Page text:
As one Somali refugee in Dadaab explained, “Why would I go to a place I have not ever been, trading a refugee camp in Kenya for an [internally displaced person] IDP camp that has less security and support in Kismayo or Mogadishu? I just want to be able to provide for myself where I have lived for nearly all my life.” – Somali refugee youth in Hagadera
Second, opportunities for third country resettlement for Somali refugees are diminishing, particularly in Europe and the United States of America due to a sharp decline in refugee resettlement numbers and the securitization of refugee and migration policies with Somali resettlement from Kenya dropping 78 percent from 2016-17. The US alone has gone from resettling thousands of Somalis annually to dozens. As IRC Regional Vice President Kurt Tjossem explains: “The continued reduction of resettlement by the United States and Europe further exacerbates a fragile situation with increasingly diminishing options for durable solutions for these young refugees who only desire to work and support themselves and their families.”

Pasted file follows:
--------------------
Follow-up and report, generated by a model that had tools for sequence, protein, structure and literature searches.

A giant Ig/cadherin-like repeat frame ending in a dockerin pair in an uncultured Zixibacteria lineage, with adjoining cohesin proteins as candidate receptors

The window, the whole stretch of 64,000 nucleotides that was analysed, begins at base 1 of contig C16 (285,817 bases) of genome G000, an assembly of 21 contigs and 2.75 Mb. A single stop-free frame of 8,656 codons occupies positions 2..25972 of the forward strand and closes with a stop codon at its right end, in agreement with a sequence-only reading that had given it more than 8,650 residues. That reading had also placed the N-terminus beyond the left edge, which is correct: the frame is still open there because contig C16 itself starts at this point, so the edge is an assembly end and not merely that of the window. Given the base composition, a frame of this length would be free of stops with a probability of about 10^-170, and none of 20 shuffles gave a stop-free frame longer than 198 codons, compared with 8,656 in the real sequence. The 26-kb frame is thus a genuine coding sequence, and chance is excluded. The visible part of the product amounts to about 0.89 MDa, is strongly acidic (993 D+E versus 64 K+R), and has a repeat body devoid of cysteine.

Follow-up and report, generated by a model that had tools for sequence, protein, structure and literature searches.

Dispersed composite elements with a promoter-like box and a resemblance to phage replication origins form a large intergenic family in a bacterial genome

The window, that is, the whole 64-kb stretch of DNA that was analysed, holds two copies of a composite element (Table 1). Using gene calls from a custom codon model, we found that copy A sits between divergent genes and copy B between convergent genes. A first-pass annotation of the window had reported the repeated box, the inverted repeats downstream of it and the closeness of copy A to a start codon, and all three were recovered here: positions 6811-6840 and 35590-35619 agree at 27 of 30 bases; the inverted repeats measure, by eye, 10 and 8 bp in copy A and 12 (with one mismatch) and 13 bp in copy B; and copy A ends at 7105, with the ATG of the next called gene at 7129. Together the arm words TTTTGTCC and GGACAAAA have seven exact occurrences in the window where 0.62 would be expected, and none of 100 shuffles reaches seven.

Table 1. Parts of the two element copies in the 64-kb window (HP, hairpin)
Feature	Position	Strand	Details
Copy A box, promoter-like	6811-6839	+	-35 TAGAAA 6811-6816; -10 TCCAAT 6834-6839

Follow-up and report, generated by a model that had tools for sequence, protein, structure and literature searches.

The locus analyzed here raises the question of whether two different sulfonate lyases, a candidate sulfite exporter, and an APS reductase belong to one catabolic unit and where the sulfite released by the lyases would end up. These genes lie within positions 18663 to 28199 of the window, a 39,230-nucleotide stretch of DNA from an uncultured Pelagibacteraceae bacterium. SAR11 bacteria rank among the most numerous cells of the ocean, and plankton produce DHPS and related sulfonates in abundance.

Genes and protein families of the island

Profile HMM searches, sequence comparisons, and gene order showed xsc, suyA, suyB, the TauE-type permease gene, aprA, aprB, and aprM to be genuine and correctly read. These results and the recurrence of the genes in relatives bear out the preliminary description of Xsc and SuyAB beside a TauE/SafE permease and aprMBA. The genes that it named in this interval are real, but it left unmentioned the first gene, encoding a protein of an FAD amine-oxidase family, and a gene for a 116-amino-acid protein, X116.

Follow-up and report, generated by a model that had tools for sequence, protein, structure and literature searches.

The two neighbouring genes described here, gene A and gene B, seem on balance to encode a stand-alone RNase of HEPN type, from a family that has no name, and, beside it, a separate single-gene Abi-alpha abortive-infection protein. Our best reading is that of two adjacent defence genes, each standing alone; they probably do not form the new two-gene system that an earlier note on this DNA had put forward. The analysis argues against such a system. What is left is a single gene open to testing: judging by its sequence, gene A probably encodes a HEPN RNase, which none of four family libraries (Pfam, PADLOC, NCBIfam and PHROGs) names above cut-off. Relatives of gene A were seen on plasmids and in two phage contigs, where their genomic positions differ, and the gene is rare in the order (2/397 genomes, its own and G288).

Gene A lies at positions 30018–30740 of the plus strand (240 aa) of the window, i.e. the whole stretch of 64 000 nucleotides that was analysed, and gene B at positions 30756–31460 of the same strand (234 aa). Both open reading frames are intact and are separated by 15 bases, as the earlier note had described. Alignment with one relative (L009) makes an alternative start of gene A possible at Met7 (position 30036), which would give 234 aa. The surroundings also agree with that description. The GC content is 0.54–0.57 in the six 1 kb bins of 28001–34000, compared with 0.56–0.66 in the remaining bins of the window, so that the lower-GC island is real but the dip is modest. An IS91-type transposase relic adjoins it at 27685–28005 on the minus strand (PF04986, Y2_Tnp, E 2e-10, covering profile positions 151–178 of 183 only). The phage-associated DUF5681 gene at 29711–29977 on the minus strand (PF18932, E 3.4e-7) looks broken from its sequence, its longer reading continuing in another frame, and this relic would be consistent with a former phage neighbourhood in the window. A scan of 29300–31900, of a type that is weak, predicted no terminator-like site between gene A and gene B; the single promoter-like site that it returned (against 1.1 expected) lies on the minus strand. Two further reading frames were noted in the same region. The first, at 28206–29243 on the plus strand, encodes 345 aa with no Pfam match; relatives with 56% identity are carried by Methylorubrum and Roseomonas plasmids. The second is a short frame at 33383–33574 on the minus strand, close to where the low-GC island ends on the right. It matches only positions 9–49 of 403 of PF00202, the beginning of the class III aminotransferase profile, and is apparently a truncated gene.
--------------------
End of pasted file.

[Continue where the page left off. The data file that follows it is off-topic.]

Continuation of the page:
Integration remains the most practical and desired option for Somali refugees in Kenya. IRC research and interviews with Somali refugee youth has found refugees desire to become self-reliant—to meet their basic needs, such as protection, food, water, shelter, personal safety, health and education, sustainably and with dignity. Young Somali refugees, most of whom consider Kenya home, only want the right and opportunity to move around the country and find work to support their families.